TALHASI – After years of partisan wrangling over the fate of Florida’s medical marijuana program, Democrats and Republicans are coming together to push what they call a major reform bill.
It can also make it more difficult for Florida residents to get access to Delta 8 Tetrahydrocannabinol (THC) products.
Those smokeable and edible products were part of a rapidly growing Florida market. Because Loophole in 2018 farm bill passed by CongressHemp products that contain as much Delta-8 as heavy marijuana products are not regulated in the psychoactive compound delta-9 THC — even though the compounds are very similar. Delta-9 produces the euphoric effect that medical and recreational marijuana users feel.
But the Delta-8 system is only slightly regulated by the state. cannabis reform bill, HP 679Sponsored by Representatives Andrew Laird, Dee Brandon and Spencer Roach, R North Fort Myers, it will change that.
It would also:
- Expand the use of telehealth in medical marijuana.
- Restrict medical marijuana ads.
- Have physicians complete a six-hour course before they are allowed to recommend marijuana to patients.
- Expand cannabis patient registration cards for two years instead of one.
- Prevent medical marijuana companies from sitting on an inactive license, then flipping them over for profit.
- Create a new medical marijuana testing advisory board, and expand regulations on testing marijuana products.
“The legislature for the past five years has been trying to roll back marijuana use,” Laerard said in an interview. “I would say today is the first step forward, and there will be more.”
Delta-8 products are made from hemp, just like other legal over-the-counter products that contain CBD or CBD. But products that can produce euphoric effects similar to medical or recreational cannabis, It has not been evaluated by the US Food and Drug Administration.
Under the Roach and Learned Bill, the state will require companies that sell Delta-8 to register their products with the state, and no A product containing the cannabis plant may be sold to fluorides younger than 21 years old.
Agriculture Commissioner Nikki Fried, who was a lobbyist in the cannabis industry before running for office, said she would welcome clarity in the Learned and Roach bill.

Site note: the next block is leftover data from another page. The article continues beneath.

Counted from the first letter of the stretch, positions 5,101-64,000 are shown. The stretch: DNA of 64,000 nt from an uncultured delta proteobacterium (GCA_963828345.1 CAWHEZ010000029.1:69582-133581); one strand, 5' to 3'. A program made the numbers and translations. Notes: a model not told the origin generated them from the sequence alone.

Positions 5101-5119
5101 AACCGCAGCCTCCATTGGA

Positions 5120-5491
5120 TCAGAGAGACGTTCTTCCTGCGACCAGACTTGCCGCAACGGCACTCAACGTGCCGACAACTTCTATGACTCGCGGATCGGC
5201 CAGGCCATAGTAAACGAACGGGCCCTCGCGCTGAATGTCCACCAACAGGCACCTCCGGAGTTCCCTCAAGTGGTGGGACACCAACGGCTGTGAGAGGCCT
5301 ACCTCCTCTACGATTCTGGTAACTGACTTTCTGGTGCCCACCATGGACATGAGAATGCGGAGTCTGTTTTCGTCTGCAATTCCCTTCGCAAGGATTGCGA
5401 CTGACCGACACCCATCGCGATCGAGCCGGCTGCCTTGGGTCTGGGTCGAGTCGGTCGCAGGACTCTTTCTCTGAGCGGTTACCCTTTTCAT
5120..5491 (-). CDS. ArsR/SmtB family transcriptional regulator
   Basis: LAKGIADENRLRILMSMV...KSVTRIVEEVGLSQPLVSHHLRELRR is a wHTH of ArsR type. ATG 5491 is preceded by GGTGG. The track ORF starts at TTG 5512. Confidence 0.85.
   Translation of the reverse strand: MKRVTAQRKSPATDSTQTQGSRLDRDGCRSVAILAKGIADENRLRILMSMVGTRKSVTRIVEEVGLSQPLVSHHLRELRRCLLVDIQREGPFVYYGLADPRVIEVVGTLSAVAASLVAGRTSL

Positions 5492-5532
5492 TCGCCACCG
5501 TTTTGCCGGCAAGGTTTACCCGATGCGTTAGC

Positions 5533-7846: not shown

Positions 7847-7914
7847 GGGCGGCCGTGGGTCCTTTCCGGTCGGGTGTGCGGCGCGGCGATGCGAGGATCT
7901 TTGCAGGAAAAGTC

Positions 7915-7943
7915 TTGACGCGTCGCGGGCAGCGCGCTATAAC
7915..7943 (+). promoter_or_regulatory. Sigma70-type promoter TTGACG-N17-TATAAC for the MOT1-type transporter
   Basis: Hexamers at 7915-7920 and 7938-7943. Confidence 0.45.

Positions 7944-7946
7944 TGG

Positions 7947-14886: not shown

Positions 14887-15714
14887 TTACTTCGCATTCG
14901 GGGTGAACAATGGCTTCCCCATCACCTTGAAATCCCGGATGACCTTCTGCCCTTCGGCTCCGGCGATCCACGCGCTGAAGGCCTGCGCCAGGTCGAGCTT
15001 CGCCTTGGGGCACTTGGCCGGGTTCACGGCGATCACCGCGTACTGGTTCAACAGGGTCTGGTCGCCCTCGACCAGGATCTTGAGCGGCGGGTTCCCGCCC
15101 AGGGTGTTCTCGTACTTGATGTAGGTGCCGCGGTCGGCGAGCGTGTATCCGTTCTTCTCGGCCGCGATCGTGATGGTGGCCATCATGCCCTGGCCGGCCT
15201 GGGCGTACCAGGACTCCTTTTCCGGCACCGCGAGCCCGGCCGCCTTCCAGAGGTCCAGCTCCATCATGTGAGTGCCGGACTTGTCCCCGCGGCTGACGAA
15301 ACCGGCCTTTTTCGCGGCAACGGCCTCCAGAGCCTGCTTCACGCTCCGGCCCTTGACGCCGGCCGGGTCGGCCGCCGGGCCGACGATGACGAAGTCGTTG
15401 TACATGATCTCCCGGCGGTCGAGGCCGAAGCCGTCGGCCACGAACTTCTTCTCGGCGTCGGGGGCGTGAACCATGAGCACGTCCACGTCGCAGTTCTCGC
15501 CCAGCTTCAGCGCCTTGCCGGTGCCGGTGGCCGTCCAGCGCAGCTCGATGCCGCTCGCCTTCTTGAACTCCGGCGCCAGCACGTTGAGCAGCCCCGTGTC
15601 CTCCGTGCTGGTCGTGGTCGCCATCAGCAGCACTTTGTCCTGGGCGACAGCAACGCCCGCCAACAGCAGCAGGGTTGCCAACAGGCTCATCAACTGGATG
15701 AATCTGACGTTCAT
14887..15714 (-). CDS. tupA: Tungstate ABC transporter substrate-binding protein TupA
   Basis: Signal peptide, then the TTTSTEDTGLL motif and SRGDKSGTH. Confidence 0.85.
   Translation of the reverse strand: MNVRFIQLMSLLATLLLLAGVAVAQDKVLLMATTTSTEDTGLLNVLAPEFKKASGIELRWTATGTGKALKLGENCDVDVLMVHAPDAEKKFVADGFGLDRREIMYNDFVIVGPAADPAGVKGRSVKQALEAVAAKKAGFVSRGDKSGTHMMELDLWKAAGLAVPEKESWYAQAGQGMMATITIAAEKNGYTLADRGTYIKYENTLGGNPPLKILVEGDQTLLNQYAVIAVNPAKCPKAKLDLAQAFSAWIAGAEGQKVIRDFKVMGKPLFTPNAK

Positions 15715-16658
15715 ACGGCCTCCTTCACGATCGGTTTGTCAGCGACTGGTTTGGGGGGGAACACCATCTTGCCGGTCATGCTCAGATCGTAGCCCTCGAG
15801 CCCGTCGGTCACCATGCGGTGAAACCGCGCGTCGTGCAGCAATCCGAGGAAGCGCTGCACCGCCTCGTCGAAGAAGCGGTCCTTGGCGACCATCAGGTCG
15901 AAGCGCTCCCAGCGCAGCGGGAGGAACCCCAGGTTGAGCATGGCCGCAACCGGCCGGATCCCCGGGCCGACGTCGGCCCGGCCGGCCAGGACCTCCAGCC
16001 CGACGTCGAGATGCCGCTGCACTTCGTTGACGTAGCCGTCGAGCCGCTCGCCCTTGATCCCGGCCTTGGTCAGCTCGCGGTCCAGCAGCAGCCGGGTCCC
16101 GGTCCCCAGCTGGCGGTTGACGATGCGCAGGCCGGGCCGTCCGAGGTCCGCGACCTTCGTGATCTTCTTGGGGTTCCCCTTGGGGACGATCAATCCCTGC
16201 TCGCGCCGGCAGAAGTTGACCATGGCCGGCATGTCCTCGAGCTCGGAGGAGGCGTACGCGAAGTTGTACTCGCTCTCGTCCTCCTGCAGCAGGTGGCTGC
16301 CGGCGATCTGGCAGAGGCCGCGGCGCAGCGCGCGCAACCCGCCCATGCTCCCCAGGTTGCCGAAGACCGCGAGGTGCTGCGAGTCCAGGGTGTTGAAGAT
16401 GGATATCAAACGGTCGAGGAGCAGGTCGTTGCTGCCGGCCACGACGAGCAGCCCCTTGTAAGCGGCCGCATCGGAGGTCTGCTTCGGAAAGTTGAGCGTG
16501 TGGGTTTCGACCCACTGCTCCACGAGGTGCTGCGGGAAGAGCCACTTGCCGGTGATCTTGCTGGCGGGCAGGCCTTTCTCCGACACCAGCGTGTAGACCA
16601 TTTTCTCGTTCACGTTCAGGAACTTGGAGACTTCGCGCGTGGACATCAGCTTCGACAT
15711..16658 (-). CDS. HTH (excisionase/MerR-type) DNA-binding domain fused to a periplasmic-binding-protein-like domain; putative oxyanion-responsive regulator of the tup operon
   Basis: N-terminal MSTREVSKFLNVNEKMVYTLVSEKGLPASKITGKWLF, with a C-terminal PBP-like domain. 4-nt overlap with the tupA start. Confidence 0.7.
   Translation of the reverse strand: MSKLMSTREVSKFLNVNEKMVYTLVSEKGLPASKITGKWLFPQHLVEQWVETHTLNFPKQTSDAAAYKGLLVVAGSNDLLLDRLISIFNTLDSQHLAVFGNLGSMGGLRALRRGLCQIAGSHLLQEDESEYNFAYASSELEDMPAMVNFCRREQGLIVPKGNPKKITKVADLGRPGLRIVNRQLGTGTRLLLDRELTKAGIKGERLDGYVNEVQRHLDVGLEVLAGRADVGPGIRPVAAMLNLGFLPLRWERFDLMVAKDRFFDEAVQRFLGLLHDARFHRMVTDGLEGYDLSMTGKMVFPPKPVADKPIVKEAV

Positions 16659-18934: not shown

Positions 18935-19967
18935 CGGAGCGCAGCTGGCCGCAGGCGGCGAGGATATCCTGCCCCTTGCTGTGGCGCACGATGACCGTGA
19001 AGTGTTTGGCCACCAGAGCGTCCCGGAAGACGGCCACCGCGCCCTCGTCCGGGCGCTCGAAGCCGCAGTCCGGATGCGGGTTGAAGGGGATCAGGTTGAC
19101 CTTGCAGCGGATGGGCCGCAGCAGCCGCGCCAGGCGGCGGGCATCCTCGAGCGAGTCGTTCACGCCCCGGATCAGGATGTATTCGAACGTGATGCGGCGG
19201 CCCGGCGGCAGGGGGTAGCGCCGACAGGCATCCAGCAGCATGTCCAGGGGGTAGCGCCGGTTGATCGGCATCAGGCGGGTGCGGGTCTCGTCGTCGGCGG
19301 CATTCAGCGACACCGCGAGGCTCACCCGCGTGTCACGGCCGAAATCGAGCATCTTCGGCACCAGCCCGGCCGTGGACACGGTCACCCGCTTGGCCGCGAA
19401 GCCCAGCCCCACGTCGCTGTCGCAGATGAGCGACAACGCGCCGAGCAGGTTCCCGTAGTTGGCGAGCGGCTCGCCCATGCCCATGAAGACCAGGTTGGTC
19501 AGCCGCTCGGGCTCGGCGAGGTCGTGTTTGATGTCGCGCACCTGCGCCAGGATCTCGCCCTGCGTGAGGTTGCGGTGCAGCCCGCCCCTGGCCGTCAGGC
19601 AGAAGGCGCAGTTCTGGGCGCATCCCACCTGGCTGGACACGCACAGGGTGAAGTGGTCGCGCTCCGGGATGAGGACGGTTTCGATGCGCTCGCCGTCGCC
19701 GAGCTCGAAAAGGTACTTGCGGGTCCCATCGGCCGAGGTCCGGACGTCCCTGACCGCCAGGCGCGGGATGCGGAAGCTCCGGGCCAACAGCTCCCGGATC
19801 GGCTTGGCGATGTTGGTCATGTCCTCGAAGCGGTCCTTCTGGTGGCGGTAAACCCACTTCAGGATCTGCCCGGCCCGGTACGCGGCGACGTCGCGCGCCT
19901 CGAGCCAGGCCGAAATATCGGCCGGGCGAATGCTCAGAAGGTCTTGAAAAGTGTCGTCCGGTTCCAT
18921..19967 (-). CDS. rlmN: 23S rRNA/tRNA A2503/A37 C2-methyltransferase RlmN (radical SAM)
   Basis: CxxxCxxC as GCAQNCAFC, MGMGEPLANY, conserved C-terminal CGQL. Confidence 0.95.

“I’ve always been a huge supporter of the expansion of cannabis in Florida, but I do it right,” Fred said. “We have to make sure that we protect consumers.”
Lawmakers and lobbyists say the bipartisan bill is a real compromise. It doesn’t give the most conservative lawmakers everything they want from marijuana. For example, the controversial policy that limits the amount of Delta-9 THC in marijuana sold to Florida patients is not on the bill. Roach sponsored this measure during the 2021 session.
“I think the political moment for THC caps has come and gone,” Roach said on Wednesday. “The new members coming into the legislature appear to be younger and have more liberal leanings, at least on the Republican side.”
The bill also does not contain cannabis measures favored by some progressives, such as a provision prohibiting discrimination in the workforce for cannabis patients.
But measures such as the expansion of telehealth, which It has become a flashpoint for some patients During the summer, it is very popular.
No accompanying bill has been introduced in the Senate, but Lairard announced at a news conference Wednesday that one would be introduced under the auspices of Senators Joe Grotters, R-Sarasota, and Shiffrin Jones, D-Miami Gardens. Jones confirmed this in a text message.
It’s unclear whether House Speaker Chris Sprouls or Senate Speaker Wilton Simpson support the measure. Their offices did not respond to emailed requests for comment.
“It’s refreshing to see a bipartisan effort, even if it isn’t (ultimately) successful,” said Ron Watson, a Tallahassee lobbyist who specializes in medical marijuana issues.
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